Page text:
Clearview South March 2014 - Issue 148 - Page 78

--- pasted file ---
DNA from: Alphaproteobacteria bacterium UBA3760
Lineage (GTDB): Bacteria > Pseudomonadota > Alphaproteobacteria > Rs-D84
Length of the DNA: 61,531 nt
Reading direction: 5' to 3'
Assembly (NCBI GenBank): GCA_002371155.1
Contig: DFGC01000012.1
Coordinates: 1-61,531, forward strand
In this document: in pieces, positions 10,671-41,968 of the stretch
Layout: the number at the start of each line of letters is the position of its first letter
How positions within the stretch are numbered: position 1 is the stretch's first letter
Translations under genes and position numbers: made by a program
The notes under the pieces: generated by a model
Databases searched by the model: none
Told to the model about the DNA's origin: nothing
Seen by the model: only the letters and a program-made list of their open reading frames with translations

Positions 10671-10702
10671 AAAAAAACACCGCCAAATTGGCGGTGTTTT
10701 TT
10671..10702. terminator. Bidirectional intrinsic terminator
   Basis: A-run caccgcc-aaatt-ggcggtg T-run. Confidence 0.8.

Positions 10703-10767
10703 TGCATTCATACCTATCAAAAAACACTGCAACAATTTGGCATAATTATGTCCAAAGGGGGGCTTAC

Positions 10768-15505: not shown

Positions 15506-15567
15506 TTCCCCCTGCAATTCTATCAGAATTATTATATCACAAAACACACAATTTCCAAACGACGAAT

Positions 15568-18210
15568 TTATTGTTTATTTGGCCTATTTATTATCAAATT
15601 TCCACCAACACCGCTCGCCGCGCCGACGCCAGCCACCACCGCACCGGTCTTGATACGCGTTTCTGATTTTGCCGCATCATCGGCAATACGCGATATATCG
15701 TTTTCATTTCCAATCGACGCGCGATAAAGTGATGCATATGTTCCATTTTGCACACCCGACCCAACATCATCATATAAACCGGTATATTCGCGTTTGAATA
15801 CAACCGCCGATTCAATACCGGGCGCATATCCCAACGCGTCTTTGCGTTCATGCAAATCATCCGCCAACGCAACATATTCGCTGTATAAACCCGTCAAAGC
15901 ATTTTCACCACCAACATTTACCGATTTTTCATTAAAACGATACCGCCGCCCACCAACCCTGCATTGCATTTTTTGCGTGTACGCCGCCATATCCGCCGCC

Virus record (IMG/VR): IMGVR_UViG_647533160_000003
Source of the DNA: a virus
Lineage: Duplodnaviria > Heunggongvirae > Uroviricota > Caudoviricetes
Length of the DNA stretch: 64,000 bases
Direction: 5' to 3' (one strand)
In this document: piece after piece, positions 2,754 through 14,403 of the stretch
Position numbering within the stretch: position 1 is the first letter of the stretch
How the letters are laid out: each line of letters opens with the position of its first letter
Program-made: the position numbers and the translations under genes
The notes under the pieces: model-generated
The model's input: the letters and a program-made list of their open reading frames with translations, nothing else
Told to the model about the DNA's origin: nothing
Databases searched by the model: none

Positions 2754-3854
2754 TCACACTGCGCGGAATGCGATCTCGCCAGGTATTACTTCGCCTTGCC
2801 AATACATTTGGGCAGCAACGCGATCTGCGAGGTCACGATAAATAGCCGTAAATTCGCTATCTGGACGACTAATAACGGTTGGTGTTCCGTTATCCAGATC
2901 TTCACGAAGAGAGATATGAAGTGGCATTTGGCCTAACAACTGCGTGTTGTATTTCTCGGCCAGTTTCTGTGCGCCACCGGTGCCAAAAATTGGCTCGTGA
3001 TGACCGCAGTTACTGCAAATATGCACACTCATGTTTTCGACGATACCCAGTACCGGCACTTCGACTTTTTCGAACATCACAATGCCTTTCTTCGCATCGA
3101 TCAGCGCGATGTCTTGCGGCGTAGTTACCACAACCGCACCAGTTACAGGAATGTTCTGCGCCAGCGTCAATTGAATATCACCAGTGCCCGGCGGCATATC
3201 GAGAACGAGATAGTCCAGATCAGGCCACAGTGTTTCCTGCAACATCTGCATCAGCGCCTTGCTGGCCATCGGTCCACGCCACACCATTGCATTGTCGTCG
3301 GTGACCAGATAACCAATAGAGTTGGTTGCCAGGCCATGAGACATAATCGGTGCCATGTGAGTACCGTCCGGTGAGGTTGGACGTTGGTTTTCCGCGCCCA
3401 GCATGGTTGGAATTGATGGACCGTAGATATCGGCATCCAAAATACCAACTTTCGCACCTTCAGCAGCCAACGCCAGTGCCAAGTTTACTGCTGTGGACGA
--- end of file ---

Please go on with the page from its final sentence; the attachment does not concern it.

energyefficiency ‘Under delivering’ Green Deal makes energy efficiency a national infrastructure priority The UK Green Building Council (UK-GBC) is calling for energy efficiency to be placed top of Britain’s infrastructure policy. The move comes one year after the government launched its flagship energy policy the Green Deal. But UK-GBC claims that the scheme has failed to live up the rhetoric delivered by the Department of Energy and Climate Change, with only 458 Green Deal plans ‘live’ by December 2013. In addition, the government pushed through cuts to its sister scheme the Energy Company Obligation (ECO) as part of its review of ‘green levies’. The result has been a massive decline in energy efficiency measures installed across the UK. Paul King, chief executive of the UK-GBC, explained why energy efficiency is so important. “Improving the energy efficiency of our cold and draughty homes is the only way permanently to cut households’ spiralling energy bills and will be a major driver of economic growth. Government must make energy efficiency a top national infrastructure priority, as important as decisions on HS2 or aviation expansion,” he said. “While the Green Deal is the cornerstone of the UK’s retrofit policy, it has so far massively under delivered. Government has to step in to create incentives that encourage homes into taking action and be prepared to prioritise capital spending on energy efficiency. Underwriting the Green Deal – as Government has done with Help to Buy – would provide a huge shot in the arm for the retrofit industry.” UK-GBC recommends making Green Deal finance more attractive to boost uptake of the scheme. In a report published on 21 January entitled, ‘Green Deal Finance: Examining the Green Deal interest rate as a barrier to take-up,’ the UK-GBC states that, although not the overriding issue that deters consumers from signing up to the scheme, lower interest rates than the current 8-10% could boost take-up. In addition, the report recommends a relaxing of the ‘Golden Rule’ which would allow households to choose to repay loans faster, reducing the overall amount repaid. The paper also believes that opening up alternative sources for finance could help further stimulate the energy efficiency market under the Green Deal scheme. For example, social investors or community funding could help offer finance at lower interest rates using EIS tax relief. This could reduce their cost of capital to 4-5%. One In Four British Small Businesses Says Sustainability Is A Top Priority For 2014 A quarter (25 per cent) of Britain’s Small and Medium Sized Enterprises (SMEs) say sustainability is one of their top three priorities for 2014, reflecting a renewed confidence and a desire to focus on developing their businesses’ in the New Year, according to new research from Lloyds Bank Commercial Banking. But the findings show that many businesses are still focused on traditional ‘green’ activities, including energy saving and recycling rather than the broader range of sustainable business practices relating, for example, to supply chains and sourcing. It also highlights the fact that there are still businesses who do not believe there are any benefits to be gained from implementing such practices. Stephen Pegge, External Relations Director, Lloyds Banking Group, said: “Businesses clearly see the benefits of sustainability, and they are carrying out their environmental responsibilities through recycling and being energy efficient. 78 MAR 2014 “But for SMEs, sustainability also means interacting with charities, social enterprises and the community in which they operate; working responsibly within their supply chain and engaging with the next generation, through, for example, apprenticeship schemes. “Some sectors are really leading the way and other industries across the UK economy can follow their example and help underpin the growth we are now seeing with practices that will give us all a sustainable future.” Looking forward, a third (33 per cent) expect to increase their investment in sustainable business practices over the next five years, while two fifths businesses (42 per cent) expect their investment to remain flat. Only a small minority (two per cent) think they will cut back on spending in this area. Of those businesses that still have no sustainable business practices, more than two fifths (44 per cent) say they will start investing over the next five years. Their key motivations are to reduce costs and increase profitability (52 per cent); and also to make a positive contribution to the community (28 per cent). (Responses from 1008 SMEs with a turnover of up to £25 million were collated by Gusto Research in October 2013). To read more, visit